Place on a wire rack and leave in the tin for 5 minutes before removing from the tin to cool completely.

Serve with fresh berries, coconut cream, soy yogurt or vegan ice cream.... heck, go all out and add them all if you're feeling like you need a treat!












Thursday, 2 August 2018

Hey good lookin', tell me whatcha got cookin'...

A few things have happened since my last post one being that Yorkshire Tea heard our plea, followed by an online twitter campaign, will from now on stop using plastic in their tea bags!
Small steps which hopefully others will follow so you know if you still like the ease of using tea bags then I can recommend Yorkshire Tea. All we need to do now is to get them to stop using plastic packaging... though one thing at a time!



*Just a note, YT has in no way paid or asked me to say this, apart from it being a really good tea they were receptive and open so why not share their greatness and tell others!

Apart from small online victories I have also started thinking about adding savoury recipes to this blog.
Initially it was going to be all about baking but as I'm discovering vegan food is amazing but not always the easiest or simplest type of cuisine plus I thought I'd like to share my triumphs like a fab "cheese" recipe I found.
OK It doesn't have to be hard, by no way do you have to spend hours in the kitchen but I fear that it's me and the difficulty I'm finding in letting go of certain foods. Yes... After almost 30 years of being a vegetarian I finally waved goodbye to cheese and eggs. Yes, I know you're probably thinking "You took your bloody time!" and although that is true I can admit that it was out of ignorance and not out of not caring. And apart from the fact that cheese tastes nice!!!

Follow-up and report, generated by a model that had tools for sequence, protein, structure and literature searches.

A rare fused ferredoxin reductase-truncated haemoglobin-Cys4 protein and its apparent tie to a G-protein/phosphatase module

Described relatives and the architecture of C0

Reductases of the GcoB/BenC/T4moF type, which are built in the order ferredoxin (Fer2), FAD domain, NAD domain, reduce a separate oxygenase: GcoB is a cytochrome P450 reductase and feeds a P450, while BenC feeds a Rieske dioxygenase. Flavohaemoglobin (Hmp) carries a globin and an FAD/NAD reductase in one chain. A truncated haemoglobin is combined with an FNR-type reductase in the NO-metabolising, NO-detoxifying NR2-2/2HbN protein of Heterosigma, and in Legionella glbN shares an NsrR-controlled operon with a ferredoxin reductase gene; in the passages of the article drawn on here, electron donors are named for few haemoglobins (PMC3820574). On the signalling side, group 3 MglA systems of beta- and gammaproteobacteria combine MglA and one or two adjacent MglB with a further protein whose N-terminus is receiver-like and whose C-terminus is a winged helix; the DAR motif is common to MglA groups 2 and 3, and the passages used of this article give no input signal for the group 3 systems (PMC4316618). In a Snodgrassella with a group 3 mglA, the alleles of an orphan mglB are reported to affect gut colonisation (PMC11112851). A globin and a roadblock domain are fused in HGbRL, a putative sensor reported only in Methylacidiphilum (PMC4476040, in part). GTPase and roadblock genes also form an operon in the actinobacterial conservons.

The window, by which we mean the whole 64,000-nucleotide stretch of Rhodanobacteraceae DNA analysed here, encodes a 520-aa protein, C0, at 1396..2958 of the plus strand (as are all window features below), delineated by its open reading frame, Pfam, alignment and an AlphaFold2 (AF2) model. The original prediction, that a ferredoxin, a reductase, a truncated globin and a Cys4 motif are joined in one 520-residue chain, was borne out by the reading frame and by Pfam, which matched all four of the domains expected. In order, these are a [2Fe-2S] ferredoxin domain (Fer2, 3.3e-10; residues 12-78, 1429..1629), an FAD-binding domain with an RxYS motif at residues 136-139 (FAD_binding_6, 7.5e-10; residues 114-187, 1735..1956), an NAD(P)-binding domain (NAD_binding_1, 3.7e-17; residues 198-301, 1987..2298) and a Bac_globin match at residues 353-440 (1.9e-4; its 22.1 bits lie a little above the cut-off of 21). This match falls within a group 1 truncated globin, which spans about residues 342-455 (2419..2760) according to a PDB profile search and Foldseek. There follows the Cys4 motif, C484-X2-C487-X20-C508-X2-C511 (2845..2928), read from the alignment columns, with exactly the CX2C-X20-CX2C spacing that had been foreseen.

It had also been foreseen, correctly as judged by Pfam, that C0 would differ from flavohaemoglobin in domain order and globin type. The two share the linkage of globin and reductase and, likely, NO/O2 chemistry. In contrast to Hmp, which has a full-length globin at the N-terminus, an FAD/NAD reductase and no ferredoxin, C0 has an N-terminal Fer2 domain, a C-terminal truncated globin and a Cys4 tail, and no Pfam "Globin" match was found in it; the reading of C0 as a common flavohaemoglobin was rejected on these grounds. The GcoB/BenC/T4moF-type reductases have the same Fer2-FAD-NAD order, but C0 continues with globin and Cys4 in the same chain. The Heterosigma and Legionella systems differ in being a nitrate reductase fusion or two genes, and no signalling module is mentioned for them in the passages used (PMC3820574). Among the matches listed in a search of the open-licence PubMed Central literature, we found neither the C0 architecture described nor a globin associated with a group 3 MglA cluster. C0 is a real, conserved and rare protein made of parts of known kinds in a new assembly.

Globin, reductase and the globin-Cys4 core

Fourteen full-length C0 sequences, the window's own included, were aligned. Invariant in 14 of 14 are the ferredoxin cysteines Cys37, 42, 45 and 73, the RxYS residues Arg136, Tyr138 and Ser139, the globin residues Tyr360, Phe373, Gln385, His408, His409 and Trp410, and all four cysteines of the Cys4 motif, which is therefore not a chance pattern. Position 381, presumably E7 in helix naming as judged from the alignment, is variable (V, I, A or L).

After a long time I finally decided that I could do this, that I could go completely animal free although -and please don't hate me!- I still have leather shoes and a jacket mainly because I'm wearing it until it gives up rather than just chucking it. I think that throwing it away would be a disservice as I do not wish to bin what that animal gave up for us. It's a weird one but in time I might change my mind.

Now back to why I gave up eggs and diary... It's hard when you're force fed lies about farming and sometimes it is easier to just tell yourself that surely it can't be all bad. Like free range eggs for example, in my mind I genuinely believed that hens would live like they did at my gran's: a quiet, sedate, stress free life with lots of acreage to roam and do what a chicken normally does. My nan (my main cooking muse) had chickens and she cared for them with attention to their needs and lots of love even though occasionally she would slaughter one for the table.

But what I learnt was that not all chickens live that life. Egg hens aren't living a beautiful paradise though much has improved since the time of battery farms there is still a long way to go.